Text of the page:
Stock Option Exercise and Gift Exchange Relationships: Evidence for a Large US Company
We investigate gift exchange relationships in real jobs, making use of a field quasi-experiment associated with the exercise of stock options for roughly 4500 managers in a large public company. In this company, option grants are set equally for all employees within occupational categories, and financial markets set the price at which the options are ultimately exercised. We assert that the considerable variation that we observe across employees and over time in profits from those sales is beyond the control of the individual employee and can be thought of as effectively randomized. We also assert that employees perceive the profit they receive from exercising these options at least in part as the equivalent of a gift: Higher profits in turn cause them to reciprocate with better job performance in the subsequent period. We find significant and economically meaningful positive relationships between the variation in profit per share of the options sold and standard measures of subsequent job performance for individual employees. These effects exist in real jobs and persist over long periods, extending previous studies. Non-parametric and parametric fixed effects models, other controls for sample heterogeneity, and alternative specifications address possible concerns about the randomization assumption and associated statistical issues.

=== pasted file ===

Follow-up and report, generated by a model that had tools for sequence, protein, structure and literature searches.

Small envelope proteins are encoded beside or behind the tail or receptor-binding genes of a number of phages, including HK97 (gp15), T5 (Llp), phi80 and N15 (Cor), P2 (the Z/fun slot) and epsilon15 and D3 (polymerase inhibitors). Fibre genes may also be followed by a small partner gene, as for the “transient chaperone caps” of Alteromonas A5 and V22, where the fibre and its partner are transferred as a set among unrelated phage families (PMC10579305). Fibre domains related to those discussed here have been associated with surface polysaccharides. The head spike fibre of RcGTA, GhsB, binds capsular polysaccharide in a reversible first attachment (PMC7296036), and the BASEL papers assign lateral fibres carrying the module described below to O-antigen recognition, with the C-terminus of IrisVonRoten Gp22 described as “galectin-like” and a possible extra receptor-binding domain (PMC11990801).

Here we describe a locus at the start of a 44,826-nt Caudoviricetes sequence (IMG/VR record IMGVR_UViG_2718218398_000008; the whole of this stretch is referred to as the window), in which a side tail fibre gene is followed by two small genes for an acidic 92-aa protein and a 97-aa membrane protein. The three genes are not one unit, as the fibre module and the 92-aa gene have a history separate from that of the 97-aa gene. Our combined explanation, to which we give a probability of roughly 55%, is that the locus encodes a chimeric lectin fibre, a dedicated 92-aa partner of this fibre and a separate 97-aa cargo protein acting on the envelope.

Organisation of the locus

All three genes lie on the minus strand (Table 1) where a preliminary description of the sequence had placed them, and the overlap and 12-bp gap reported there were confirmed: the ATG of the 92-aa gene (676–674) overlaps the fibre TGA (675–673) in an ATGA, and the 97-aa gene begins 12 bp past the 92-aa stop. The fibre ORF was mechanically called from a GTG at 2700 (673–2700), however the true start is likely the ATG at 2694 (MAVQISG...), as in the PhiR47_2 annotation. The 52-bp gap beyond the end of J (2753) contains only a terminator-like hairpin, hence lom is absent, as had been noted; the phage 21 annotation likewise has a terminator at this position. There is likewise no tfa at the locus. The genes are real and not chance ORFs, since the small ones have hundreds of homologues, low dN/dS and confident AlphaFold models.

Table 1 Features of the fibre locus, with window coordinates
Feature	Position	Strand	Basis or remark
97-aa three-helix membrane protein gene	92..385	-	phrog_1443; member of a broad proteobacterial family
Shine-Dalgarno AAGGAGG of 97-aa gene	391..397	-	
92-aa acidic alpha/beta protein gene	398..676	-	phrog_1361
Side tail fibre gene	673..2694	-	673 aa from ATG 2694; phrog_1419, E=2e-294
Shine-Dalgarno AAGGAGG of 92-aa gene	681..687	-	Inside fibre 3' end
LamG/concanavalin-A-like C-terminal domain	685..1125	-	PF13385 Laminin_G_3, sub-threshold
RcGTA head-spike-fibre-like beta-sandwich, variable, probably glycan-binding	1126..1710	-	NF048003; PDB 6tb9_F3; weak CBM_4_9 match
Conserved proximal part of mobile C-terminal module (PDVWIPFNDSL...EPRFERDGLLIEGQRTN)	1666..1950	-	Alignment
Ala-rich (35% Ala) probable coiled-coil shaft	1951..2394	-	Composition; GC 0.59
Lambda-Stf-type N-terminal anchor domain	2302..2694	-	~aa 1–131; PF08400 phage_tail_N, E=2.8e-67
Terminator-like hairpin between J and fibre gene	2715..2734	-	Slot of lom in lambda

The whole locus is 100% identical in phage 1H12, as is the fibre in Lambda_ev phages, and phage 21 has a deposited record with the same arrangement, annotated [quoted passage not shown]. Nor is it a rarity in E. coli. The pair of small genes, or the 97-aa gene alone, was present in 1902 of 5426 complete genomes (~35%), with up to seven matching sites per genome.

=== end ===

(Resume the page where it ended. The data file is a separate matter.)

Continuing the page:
We are very grateful to the sample firm for granting access to the data used in this study. We also thank David Almeda, Iwan Barankay, Matthew Bidwell, Alex Edmonds, and Devon Pope for comments and suggestions. The views expressed herein are those of the authors and do not necessarily reflect the views of the National Bureau of Economic Research.
- [The] effects of a rise in the profits per share on option exercise are considerably more powerful than the incentive effects of an...